Monday, October 09, 2006

Notre Dame 31, Stanford 10

An abbreviated look at Saturday's game, with some thoughts completely plagiarized from a conversation I had with Nick Yonto. Not everything is, though, so if something sounds stupid, it probably came from me. Nick's thesis: "This is not a good football team." Of course, with coaching in his blood, one can expect Nick to be a perfectionist.

Running Back:

Courtesy AP/Darron Cummings

Darius Walker once again had a field day against Stanford, going for 153 yards. He even threw in a 32-yard run for good measure.
Munir Prince just isn't physically ready to run between the tackles. For the time being, it may be best to use him as a receiving option. James Aldridge is physically ready for college football, and he impressed in his Notre Dame debut. Aldridge picked up 26 yards on 4 carries in garbage time.

O-Line: Bob Morton is spending too much time babysitting Sam Young, and Young doesn't need nearly as much help as Morton thinks. Morton is also starting to let his emotions get the best of him. There's a big difference between playing aggressively before the whistle and trying to start a fight after the whistle.

D-Line: The line actually had a good day. Trevor Laws had 8 tackles. After recording 4 sacks against Stanford last year, Victor Abiamiri added 3 more this year. Derek Landri once again seemed to be all over the field.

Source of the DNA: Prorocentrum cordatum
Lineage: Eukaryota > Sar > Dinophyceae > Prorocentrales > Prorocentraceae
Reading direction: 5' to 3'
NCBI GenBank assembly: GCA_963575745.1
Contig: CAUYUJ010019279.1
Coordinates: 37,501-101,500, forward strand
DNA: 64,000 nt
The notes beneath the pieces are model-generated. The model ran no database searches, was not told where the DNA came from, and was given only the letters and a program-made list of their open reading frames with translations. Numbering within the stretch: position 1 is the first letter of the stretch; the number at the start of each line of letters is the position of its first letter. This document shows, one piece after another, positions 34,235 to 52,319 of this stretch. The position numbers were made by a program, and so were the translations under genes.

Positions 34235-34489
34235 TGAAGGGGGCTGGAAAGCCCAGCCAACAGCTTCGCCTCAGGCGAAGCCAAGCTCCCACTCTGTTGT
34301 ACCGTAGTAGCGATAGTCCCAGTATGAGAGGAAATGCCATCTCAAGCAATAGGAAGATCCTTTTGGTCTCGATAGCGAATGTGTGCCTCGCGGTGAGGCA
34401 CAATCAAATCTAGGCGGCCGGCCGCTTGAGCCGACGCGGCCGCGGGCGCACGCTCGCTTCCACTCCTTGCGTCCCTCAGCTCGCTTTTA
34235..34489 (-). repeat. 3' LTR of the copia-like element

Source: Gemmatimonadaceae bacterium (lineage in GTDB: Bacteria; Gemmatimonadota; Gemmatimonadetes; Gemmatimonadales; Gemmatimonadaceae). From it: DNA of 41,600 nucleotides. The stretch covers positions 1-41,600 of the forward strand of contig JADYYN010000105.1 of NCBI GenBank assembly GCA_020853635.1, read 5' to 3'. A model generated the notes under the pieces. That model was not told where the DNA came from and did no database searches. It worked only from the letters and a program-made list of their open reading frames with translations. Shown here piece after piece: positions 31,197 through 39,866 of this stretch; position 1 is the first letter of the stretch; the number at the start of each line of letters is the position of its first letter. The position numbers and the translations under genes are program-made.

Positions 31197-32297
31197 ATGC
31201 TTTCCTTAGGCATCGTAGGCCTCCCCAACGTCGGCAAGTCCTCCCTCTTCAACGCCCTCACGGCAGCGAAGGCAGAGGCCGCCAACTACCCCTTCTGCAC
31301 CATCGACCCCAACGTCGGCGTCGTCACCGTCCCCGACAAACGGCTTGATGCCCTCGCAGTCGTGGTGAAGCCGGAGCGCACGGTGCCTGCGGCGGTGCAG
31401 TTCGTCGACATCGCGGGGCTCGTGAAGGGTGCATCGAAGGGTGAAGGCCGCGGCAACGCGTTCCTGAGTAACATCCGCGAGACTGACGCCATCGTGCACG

Courtesy AP/Darron Cummings

Mo Crum is far too passive a player. He waits for the play to come to him, instead of going after the ball. I was going to say that Anthony Vernaglia and Mitchell Thomas finally showed signs of life, but I see Vernaglia only recorded 1 tackle and Thomas 0. Joe Brockington did have 5 stops.

Secondary: According to Coach Weis, Tom Zbikowski was simply given a day off. Ray Herring stepped in well, leading the team wiht 9 tackles. In the end, though, it's hard to have a bad day when the opposing quarterback finishes 7-for-13 for 68 yards.

Kicker: According to, freshman Nate Whitaker got a chance to kickoff late in the game.

Kick Returner: Someone needs to take leadership out there, unless this is all part of some insanely clever ball control scheme by Coach Weis.

Punt Returner: I like how the return game was handled in Zbikowski's absence. When the Cardinal were punting from Irish territory, ND needed a sure-handed and confident returner to prevent a disaterous fumble. Coach Weis sent in his best set of hands in the form of Jeff Samardzija. When there was a little more room to breathe, Weis went with a true returner in George West.